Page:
The Energy East project includes several delivery points, including two oil refineries in Quebec. In order to achieve this, the pipeline will need to cross the Saint Lawrence River at a location just west of Quebec City. There are several different methods for crossing waterways. Using a trenched crossing by excavating and installing the pipeline in the river bed and banks was rejected because of the environmental impact to the water course and the expected difficulties in constructing in a river with marine traffic.
In terms of trenchless crossing designs, there are three techniques to choose from: horizontal directional drilling, microtunneling, or a tunnel. Each of these techniques uses a drilling method whereby the only surface disturbance occurs at the entry and exit location of the drill path. After carefully reviewing these options from a technical and environmental perspective, Energy East proposed to cross the Saint Lawrence River using a tunnel. To accommodate the width of the river and avoid sensitive ecological areas along the shoreline, the tunnel will be approximately 4.4 km in length. It will be located about 2.5 km west of an existing tunnel crossing for the Trans-Quebec & Maritimes natural gas pipeline, which was installed in 1995.
One of the key variables affecting the success of a tunnel of this length is the type of soil or bedrock where the tunnel is to be constructed. Geotechnical and geophysical surveys have been completed to identify the conditions in the areas where the tunnel is to be installed. The Energy East Pipeline will travel through a concrete tunnel, which will be constructed at least 30 m beneath the bottom of the river, in solid, stable bedrock. This means there will be no excavations in the water course or on the banks of the river.
At the end of the line, Energy East will end its 4550-km path at the proposed Saint John tank terminal. This facility will be situated adjacent to existing facilities including Irving Oil’s Canaport terminal as well as Canaport LNG terminal. The Saint John tank terminal will be an oil storage facility and will be able to deliver oil from the Energy East Pipeline to Irving Oil’s refinery which has a daily capacity to process 320,000 bbl. It will also be able to accumulate cargoes for delivery onto tankers through the proposed Canaport Energy East marine terminal.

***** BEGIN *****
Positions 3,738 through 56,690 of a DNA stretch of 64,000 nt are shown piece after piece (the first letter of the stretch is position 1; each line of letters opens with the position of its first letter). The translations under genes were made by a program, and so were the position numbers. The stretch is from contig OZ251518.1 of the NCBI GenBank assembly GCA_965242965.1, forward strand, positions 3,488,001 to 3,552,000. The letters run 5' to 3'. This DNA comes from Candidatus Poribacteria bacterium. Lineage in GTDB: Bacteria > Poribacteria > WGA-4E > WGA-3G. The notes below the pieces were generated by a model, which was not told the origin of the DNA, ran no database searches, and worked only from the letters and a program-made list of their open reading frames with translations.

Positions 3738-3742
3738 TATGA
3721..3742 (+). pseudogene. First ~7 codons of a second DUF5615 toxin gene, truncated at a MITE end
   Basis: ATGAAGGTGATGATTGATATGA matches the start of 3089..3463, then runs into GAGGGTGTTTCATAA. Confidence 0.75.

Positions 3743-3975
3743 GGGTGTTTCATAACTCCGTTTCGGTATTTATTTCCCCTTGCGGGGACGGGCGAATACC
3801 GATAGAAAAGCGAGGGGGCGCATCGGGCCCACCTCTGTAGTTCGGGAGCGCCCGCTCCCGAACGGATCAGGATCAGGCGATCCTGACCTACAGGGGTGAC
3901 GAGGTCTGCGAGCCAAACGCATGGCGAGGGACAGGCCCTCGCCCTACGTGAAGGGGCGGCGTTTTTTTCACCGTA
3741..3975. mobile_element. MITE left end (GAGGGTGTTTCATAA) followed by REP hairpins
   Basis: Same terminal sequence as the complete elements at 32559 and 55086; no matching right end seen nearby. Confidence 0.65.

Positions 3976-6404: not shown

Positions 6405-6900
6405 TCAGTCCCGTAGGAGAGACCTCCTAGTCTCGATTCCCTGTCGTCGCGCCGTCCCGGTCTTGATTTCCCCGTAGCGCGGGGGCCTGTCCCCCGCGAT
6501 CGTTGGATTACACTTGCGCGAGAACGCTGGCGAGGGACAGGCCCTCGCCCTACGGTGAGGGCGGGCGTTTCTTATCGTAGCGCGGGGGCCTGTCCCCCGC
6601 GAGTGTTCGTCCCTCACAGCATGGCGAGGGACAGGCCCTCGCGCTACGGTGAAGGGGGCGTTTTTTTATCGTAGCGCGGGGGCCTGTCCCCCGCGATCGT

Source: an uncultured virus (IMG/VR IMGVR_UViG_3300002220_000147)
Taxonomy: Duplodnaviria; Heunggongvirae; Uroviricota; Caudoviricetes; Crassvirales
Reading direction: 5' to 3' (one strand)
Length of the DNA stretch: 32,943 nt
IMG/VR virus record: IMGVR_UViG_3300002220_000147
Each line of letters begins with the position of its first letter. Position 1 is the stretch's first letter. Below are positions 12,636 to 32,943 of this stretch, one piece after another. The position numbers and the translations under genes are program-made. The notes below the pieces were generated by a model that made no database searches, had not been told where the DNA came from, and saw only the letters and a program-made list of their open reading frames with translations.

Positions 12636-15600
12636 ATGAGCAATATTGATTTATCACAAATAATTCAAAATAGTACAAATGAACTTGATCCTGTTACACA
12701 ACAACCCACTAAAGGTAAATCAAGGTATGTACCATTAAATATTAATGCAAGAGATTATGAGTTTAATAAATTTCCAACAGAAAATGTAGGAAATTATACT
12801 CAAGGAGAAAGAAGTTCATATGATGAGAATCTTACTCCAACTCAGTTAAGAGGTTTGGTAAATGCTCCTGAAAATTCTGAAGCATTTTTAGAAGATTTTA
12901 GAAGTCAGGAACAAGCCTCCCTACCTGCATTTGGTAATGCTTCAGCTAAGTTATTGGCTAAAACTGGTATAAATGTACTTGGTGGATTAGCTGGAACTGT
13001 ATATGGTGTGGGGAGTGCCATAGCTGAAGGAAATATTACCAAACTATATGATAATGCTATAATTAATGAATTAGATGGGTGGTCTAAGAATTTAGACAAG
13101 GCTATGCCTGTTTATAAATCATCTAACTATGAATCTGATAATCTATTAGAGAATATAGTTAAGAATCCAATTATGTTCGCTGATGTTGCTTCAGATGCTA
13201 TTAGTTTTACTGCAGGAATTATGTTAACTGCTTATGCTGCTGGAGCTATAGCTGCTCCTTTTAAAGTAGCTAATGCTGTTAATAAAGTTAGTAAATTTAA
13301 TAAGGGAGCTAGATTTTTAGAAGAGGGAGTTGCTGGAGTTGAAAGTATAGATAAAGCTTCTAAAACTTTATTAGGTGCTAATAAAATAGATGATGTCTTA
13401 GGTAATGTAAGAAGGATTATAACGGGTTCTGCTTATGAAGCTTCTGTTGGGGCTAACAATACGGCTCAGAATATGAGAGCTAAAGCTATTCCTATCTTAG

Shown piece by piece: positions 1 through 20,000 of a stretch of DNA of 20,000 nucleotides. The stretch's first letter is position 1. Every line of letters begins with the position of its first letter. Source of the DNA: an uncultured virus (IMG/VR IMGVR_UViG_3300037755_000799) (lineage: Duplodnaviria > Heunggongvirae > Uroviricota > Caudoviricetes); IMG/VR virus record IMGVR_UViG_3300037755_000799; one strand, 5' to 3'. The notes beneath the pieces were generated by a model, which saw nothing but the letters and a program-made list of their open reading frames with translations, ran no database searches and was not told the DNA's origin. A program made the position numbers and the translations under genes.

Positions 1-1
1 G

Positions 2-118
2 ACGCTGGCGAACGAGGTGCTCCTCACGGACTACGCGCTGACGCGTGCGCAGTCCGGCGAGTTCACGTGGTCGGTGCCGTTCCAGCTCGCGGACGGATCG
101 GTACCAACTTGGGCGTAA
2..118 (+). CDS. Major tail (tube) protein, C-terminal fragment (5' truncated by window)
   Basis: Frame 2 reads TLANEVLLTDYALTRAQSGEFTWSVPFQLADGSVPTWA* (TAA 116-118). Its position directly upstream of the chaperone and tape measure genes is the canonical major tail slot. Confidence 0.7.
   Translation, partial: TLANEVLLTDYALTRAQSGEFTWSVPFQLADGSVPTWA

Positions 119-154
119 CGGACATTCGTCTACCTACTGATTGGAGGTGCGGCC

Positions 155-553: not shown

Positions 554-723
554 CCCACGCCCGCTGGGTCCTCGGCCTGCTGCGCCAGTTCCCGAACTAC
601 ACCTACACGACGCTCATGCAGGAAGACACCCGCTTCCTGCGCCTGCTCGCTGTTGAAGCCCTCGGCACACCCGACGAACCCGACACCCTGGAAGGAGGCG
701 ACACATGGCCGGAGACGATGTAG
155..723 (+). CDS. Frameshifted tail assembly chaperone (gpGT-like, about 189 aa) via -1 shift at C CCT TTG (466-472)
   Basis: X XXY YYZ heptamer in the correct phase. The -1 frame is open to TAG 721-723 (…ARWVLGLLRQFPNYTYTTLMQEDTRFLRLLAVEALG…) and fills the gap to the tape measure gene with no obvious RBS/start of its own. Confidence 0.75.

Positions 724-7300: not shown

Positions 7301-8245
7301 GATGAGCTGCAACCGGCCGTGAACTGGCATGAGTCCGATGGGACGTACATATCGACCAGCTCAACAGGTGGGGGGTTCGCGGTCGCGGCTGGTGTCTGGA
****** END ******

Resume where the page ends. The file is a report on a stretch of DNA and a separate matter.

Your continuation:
The Saint John tank terminal will include 22 storage tanks with a total capacity of 13.2 million bbl. Each tank will be built to hold 600,000 bbl, and will measure 257 ft in diameter and 70 ft in height, and will each be equipped with an external floating roof. Marine loading systems that include pumps and custody transfer meters to measure the oil will transfer the crude cargoes from the tanks to crude oil tankers, which can range from Aframax vessels with a capacity of 700,000 bbl to very large crude carriers with a capacity of more than 2 million bbl.
The terrain around Saint John is characterized by sharp slopes with frequent rock outcroppings. To accommodate the terrain, the terminal has been tiered into groups of four and six tanks to take into account the natural topography of the site, and decrease blasting and civil development requirements. A containment berm with an impermeable liner will be constructed for each tank lot to provide a secondary layer of containment.
Management of emissions from the tank terminal is a principal consideration in its design. The external floating roof is a very important safety and environmental component which significantly reduces the release of oil vapors into the atmosphere. Floating roofs are continually in contact with the oil surface, eliminating the majority of the vapor space (space between the roof and the oil) where vapors can accumulate. They are equipped with a double seal system to further reduce the release of vapors from the sidewalls. The storage tanks and roofs are painted white in order to reduce the absorption of heat, which also helps to further reduce vapor production.
The Energy East Pipeline project brings together technological experience and know-how to fulfill the need for additional pipeline capacity to safely move Canadian crude oil to domestic and overseas markets. This CAD-15.7-billion project is supported by long-term delivery contracts with oil shippers who are committed to seeing Energy East become a reality. We look forward to seeing the regulatory review move forward and to continue our dialogue with Canadians about this project, which represents the safest, most efficient, and most environmentally respectful way to move the oil we all need and use every day.